A Personal Message From Dr. Alcuri
Dr. Steve Alcuri, and I am writing this for you myself, to give you a moment or
two of honest reading.
I could put a menu of office services in this section like other practices do, but that wouldn't really tell you anything about us or what we do, now, would it?
Instead, I am going to begin by painting an all-too-familiar picture, which I will name, in honor of an old Marx Brothers film, "A Day At The Doctor." I do this because, for many of you, a visit to the doctor may bear a striking resemblance to a Marx Brothers Movie:
The waiting room is decently appointed and comfortable - a pleasant enough place to while away a morning or afternoon...and it should be, because six other people have the same appointment time as you, and it's anybody's guess when you will be called.
When you finally are called, you see several office staff, one after another. They are pleasant enough, and competent at their work, but have little knowledge past their specific job. They can explain to you what they are doing, but not what it means.
Then, you get to see the doctor.
He looks like he's really in a hurry...because he is.
He looks like he has something else on his mind besides you...because he does.
His nebulous greeting makes you think he doesn't know your name...because he doesn't.
He keeps looking back to your chart, as if he can't remember anything about your medical problem...because he can't: although this is your fourth visit for this problem, the doctor who saw you the last three times is in another office today. This doctor knows only what's in your chart - which isn't complete, because these doctors are so busy they dictate their chart notes instead of write them, and the office transcriotion service hasn't entered the notes from your last visits yet. Or perhaps those notes were sent to another office. No one seems to know.
You wanted to discuss the results of a lab test that was ordered a month ago, but - you guessed it - the report is at another office, and no one where you are today knows anything about what's in it.
The doctor spends a moment or two with you, then tells you briefly what other staff members will be doing for you after he leaves.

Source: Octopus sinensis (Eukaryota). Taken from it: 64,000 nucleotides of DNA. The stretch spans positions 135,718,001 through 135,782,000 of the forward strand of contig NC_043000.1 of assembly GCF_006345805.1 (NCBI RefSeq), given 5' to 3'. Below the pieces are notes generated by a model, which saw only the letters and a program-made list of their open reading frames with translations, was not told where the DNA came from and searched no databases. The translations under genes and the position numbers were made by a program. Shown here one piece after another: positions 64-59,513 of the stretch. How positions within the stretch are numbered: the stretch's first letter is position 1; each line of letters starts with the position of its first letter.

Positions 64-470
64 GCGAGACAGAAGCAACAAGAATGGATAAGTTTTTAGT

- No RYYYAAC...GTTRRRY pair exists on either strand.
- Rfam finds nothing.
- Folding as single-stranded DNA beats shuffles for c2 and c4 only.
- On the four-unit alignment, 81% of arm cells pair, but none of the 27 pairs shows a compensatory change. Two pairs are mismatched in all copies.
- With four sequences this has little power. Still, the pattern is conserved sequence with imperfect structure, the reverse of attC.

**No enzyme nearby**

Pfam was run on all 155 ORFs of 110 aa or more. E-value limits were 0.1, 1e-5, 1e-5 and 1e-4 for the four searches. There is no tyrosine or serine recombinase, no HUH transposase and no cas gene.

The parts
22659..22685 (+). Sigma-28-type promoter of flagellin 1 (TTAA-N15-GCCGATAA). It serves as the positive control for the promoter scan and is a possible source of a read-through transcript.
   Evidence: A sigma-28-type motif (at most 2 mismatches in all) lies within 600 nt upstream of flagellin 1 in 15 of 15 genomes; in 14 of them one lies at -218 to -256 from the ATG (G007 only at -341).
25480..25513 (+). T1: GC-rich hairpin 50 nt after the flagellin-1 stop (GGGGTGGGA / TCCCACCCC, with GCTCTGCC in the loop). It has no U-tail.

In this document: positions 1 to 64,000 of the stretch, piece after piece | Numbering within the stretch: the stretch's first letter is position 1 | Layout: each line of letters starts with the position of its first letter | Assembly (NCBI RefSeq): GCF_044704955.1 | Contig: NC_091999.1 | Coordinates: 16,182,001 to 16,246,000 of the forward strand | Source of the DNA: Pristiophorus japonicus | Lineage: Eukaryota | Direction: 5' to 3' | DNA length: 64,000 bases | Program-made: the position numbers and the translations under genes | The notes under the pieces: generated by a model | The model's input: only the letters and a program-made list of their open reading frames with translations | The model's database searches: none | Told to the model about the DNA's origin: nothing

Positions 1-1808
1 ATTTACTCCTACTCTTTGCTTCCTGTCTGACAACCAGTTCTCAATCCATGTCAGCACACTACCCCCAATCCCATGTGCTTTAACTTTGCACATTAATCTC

One or two more office staff. Perhaps some printed material the staff can give you, but not explain to you. And you're done.
I don't practice that way.
Sure, it's a very business-efficient way to run a practice, and, like the management journals recommend, "gets patients through." But I think there should be more to this profession than just getting patients through.
It's faster, and less costly, to manufacture a chair on an assembly line, than to craft one by hand. But the final result is a cheaper chair.
In the same vein, it is less expensive, and more cost-effective, to run a medical practice on the "large model" as I have described above. But I believe that, past a point, such a model dues not function well.
Why would any doctor even consider practicing that way? I can answer that question in two words: Managed Care.
A discussion of the damage managed care has done to medicine in this country, is beyond the scope of these pages.
For now, let it be enough to say that we believe medicine should not have to work that way, and we will make our stand against it, so long as we are able.
If you are tired of the treatment I know so many of you have experienced of late...
If you are tired of getting health care from a "provider," and would like to go back to seeing a doctor...
If you find being regarded as an "insured life" just a little bit insulting...
Then give us a call. We would very much like to hear from you.